Power sector loses N44.3b in February despite output
Data from the Office of Vice President, Prof. Yemi Osinabajo, indicated that last month, Nigeria’s privatised power sector lost a total of N44.38 billion revenue due to constraints which included shortage of gas; grid unreliability and distribution limitations.
The data obtained by The Guardian from the Advisory Power Team in Osinbajo’s office, showed that for this period, the average volume of electricity generated and distributed daily to Nigerian homes and offices was 4148 megawatts (MW) per day, while an average of 3302MW was constrained from getting to consumers by these limitations.
Coming at a time the Nigerian Electricity Regulatory Commission (NERC) approved 115 private firms to participate in procuring and installing meters to electricity consumers in Nigeria under its new scheme, the Meter Assets Provider (MAP), the industry data equally explained that the total volume of gas supplied by the Nigerian National Petroleum Corporation (NNPC) to gas power generation plants in the country for the February period was 21,521 million standard cubic feet (mmscf).
According to the data, Nigeria’s power sector attained a peak generation of about 5,375MW on February 7, 2019 – the first ever, but has not produced power up to that level since then.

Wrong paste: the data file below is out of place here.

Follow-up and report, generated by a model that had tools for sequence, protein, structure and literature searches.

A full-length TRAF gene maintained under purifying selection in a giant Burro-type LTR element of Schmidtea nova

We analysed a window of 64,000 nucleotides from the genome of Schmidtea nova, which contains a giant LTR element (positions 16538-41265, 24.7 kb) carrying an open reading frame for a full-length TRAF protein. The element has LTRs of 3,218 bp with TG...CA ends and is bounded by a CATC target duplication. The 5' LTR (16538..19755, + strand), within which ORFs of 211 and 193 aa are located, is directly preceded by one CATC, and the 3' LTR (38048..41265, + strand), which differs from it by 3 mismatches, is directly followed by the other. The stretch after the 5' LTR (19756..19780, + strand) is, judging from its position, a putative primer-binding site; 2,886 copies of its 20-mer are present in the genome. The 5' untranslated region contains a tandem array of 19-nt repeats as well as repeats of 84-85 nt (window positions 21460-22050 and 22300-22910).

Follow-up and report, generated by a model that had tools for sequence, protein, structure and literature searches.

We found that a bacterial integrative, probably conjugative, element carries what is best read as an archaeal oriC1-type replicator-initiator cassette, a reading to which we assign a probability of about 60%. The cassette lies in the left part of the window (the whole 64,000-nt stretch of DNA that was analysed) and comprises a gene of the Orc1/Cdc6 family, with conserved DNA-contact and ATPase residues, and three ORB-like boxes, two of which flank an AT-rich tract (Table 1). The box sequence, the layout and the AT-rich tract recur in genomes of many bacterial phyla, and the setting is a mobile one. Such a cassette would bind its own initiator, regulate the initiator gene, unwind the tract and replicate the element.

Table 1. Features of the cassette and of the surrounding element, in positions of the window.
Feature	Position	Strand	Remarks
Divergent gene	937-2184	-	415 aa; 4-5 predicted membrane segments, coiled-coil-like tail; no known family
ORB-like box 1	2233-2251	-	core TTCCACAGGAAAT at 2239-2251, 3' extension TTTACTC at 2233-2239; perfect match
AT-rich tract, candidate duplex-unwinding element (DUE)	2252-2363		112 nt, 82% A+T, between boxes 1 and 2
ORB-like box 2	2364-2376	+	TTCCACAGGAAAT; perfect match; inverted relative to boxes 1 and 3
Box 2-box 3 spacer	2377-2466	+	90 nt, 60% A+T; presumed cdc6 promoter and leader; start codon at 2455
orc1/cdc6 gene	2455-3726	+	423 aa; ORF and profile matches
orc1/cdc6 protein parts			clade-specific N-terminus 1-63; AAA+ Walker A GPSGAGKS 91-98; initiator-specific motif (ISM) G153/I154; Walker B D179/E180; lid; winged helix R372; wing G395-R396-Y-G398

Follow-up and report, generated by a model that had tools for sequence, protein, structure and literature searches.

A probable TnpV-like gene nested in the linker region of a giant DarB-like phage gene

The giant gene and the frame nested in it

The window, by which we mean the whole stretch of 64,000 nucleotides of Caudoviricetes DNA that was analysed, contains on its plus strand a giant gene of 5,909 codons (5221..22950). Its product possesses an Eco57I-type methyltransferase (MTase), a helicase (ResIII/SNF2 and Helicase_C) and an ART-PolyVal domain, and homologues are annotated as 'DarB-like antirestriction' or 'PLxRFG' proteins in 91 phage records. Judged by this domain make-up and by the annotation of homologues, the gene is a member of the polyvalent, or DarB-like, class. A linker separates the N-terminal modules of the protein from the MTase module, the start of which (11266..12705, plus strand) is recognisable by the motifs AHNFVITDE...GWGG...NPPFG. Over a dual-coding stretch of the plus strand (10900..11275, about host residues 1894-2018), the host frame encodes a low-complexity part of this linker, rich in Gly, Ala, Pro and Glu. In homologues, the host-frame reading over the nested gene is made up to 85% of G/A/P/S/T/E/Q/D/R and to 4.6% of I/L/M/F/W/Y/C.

Egbin generated 422.64MW during the period as against its installed capacity of 1320MW, Kainji; 382.46, Jebba; 321.03MW, while ASCO and AES did not generate anything during the period.
Meanwhile, the National Bureau of Statistics (NBS) has put the number of consumers with prepaid meters at 1.67m customers at the end of Q4 2018, 1.00% increase from 1.65m customers in Q3 2018.
NERC had recently disclosed that six out of every 10 users of grid generated electricity supplied by the 11 electricity distribution companies (Discos) in Nigeria have remained without meter, therefore necessitating the approval of 115 operators to participate in its MAP programme.
According to NBS, Abuja Disco has the highest number of customers metered, closely followed by Benin Disco and Eko Disco while Yola Disco recorded the least total number of customers metered.
The NERC had stated that the non-availability of meters to this number of power users was sustaining the Discos’ practice of estimated billing, and indicated it was about to introduce a regulation to cap estimated bills given every month to consumers by the Discos.
In a recent communiqué at the end of a meeting with Nigerian Electricity Supply Industry (NESI) stakeholders, NERC as part of measures to improve throughput of electrical energy, urged electricity distribution licensees to submit details of transmission challenges limiting the off-take of energy as well as matching projects being implemented by the utilities to improve throughput of the energy.
Similarly, NERC is expected to review and monitor the operationalisation of the Merit Dispatch Order of generation plants taking into account dynamic load forecast and contractual terms underpinning the Power Purchase Agreements, as well as review the disconnect between energy received by DisCos and market remittance and to ensure that the practice of discretionary upstream payments are eliminated.